Obesity and Communications: 3 Ways to Help America Tighten the Belt and Get Results


Louise Pollock

The obesity epidemic presents an opportunity for all communicators to learn how to position their brands as a motivator of change. A growing problem that affects the entire nation, obesity can be addressed not only by the food and beverage industry, but by all communicators, from apparel to beauty to technology. Here are some lessons to be learned, and some tips for how marketing and PR pros can play a role in helping Americans face their weight reality, tighten their belts and get results:

  • Keep abreast of lifestyle trends/issues (like obesity) that your brand can capitalize on in its marketing efforts to make a difference in consumers’ lives. 

  • Be prepared to proactively respond to general changes in consumer behavior, wants and needs, to continue to build your brand and create a loyal consumer base. 

  • Take appropriate action to help make a difference. 

  • Identify influencers that resonate with your brand and its consumers, and who have the expertise to convey your key messages in a meaningful and impactful way to help motivate change.

According to a recent survey by Pollock Communications, consumers are still struggling with making healthy food choices, making it harder to make significant improvements in their eating and lifestyle behaviors. Although national surveys show that 67% of Americans are overweight or obese, this latest survey reveals that only 52% of Americans believe they are overweight or obese. 

Experts suggest that Americans’ lack of knowledge about body weight and diet may be one of many contributing factors in the nation’s growing obesity epidemic. Therefore, consumers benefit from health information from food companies and in the supermarkets. In fact, according to the survey, three-fourths of Americans (76%) say in-store nutrition information helps them make better choices. This is an area of opportunity, especially for those in the food and beverage industry, to build relationships with key decision makers in the supermarket to help brands creatively and successfully engage and influence their target consumer.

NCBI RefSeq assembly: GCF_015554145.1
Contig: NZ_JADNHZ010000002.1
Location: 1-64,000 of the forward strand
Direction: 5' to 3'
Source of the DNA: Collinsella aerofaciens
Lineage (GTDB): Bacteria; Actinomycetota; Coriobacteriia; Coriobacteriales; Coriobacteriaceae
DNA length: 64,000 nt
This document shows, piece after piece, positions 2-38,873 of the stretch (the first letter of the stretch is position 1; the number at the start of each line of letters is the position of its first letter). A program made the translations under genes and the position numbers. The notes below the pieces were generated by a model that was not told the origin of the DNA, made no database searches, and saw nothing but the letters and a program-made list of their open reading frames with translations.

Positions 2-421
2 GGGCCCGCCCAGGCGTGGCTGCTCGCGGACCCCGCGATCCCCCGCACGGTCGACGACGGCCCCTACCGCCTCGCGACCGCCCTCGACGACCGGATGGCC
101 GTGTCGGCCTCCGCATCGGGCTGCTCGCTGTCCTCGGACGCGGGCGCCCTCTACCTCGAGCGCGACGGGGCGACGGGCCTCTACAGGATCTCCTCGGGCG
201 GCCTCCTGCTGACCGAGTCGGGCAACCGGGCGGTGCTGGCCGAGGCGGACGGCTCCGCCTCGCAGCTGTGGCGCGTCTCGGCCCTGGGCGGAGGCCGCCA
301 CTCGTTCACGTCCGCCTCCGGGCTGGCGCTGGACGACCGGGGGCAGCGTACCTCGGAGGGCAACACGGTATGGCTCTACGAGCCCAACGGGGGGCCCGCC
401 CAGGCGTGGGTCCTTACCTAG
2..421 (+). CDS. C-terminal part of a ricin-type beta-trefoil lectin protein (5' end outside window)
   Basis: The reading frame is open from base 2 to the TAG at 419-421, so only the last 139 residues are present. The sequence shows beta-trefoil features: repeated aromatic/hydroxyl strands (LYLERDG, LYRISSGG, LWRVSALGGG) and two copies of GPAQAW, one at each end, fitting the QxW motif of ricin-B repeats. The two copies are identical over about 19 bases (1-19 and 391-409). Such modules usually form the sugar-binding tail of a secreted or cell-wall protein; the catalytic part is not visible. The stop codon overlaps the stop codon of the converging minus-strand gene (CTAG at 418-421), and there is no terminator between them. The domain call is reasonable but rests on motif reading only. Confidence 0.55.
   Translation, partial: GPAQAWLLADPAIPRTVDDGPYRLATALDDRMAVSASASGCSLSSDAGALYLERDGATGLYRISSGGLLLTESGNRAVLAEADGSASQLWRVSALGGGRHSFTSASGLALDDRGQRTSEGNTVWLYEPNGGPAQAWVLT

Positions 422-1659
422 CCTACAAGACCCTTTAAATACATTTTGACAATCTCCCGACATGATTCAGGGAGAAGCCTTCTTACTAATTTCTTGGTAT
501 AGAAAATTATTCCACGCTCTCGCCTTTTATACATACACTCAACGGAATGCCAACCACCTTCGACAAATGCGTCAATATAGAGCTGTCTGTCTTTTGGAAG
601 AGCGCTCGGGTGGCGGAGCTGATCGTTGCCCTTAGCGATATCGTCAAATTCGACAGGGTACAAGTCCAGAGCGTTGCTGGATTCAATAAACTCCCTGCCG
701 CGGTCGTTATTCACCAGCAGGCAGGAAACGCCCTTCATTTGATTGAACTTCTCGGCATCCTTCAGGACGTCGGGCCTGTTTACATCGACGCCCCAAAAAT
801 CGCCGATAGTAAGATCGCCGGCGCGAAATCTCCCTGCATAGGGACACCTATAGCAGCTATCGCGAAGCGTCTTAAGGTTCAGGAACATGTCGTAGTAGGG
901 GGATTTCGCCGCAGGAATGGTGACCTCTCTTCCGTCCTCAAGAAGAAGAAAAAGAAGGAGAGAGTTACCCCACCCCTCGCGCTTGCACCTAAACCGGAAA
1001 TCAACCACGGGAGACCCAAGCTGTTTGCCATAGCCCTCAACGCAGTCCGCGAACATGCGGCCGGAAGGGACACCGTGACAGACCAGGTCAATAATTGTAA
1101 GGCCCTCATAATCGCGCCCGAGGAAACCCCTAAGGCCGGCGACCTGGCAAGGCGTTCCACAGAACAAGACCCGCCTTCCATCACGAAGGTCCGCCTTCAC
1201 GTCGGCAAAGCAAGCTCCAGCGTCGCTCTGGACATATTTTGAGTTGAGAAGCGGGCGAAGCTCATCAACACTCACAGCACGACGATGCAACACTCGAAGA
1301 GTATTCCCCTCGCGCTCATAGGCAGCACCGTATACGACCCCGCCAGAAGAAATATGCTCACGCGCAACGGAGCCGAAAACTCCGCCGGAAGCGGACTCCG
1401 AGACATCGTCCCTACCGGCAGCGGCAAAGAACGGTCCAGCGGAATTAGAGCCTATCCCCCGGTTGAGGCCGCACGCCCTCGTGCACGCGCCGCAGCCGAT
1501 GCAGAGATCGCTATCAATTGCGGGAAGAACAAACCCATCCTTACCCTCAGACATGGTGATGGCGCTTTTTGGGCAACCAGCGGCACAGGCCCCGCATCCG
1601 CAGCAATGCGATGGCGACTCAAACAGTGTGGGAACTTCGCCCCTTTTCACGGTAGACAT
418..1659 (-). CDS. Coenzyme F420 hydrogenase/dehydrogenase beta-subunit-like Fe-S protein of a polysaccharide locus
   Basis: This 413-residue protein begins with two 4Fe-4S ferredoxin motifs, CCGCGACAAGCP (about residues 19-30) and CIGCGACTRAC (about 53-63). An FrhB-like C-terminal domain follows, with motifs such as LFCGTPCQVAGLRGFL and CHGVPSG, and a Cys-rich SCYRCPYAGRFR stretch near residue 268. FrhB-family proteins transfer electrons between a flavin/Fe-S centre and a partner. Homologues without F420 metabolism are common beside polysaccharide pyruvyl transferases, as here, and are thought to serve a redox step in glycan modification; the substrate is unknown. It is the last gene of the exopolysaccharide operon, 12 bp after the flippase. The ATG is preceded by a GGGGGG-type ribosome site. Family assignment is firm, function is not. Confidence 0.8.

Considering the ongoing diet challenges of Americans, Pollock encourages communicators to look beyond the traditional advertising and media efforts to impact consumers at point-of-sale in the supermarket. A comprehensive food/beverage campaign should include programs developed specifically for decision makers who work directly with consumers at the retail level to combat diet confusion. It would be wise for food and beverage marketers to tap the expertise of these decision makers who connect with consumers through meaningful platforms, right where they shop. A successful program should help break barriers to good nutrition, while building brand loyalty.

Three suggestions for successful and impactful health partnerships:
 

  1. Build Brand Loyalty by Providing Tools & Resources: PR pros can reach consumers by providing supermarkets with tools and resources they can use in their shopper communication channels. Consumers want and need information to help them make healthier food choices. Provide supermarket decision makers with relevant and helpful brand information that reaches shoppers in ways that go beyond the traditional point-of-sale promotions. Supermarkets are already producing point-of-sale materials on a regular basis, but they are eager for new content that incorporates brands within the context of a healthy lifestyle. 

  2. Offer Shoppers Help: Work together with key decision makers in the supermarket to create shopper outreach programs that benefit the consumer, as well as the brand. By educating consumers on healthy habits, it helps to build consumer loyalty—a win-win for all. For truly effective communication, ensure that the outreach program timing and effort makes sense for your brand and engages consumers. Marketers can work with the retailer to create programs that suit their shoppers, as well as provide expertise and insights for healthful brand positioning.

    For example, many retailers are working with outside companies to offer nutritional labeling programs. This type of retail program can help educate consumers about nutrition labels and encourage them to make healthier food choices. But what can you do if your brand is excluded from the "good for you" label, color or number? Work with experts such as registered dietitians to determine how your brand can fit into a healthy lifestyle. Create a brand experience that goes beyond traditional benefits and reaches shoppers through other communication channels in the supermarket. By connecting with and empowering consumers, you can help drive change and consumer loyalty.

  3. Be Innovative at Point-of-Sale: Explore new and exciting strategies to reach shoppers at the point-of-sale in a way that helps improve their shopping experience and encourages healthier food choices for their family. Take the opportunity to creatively feature nutrition information and unique brand health strategies, in order to motivate consumers and drive sales. 
      

Louise Pollock is the president of Pollock Communications, a full-service, New York City-based public relations agency specializing in food and nutrition communications. She has more than 25 years of experience in food and wellness public relations, and has helped clients develop targeted campaigns that cultivate positive perceptions among decision makers.




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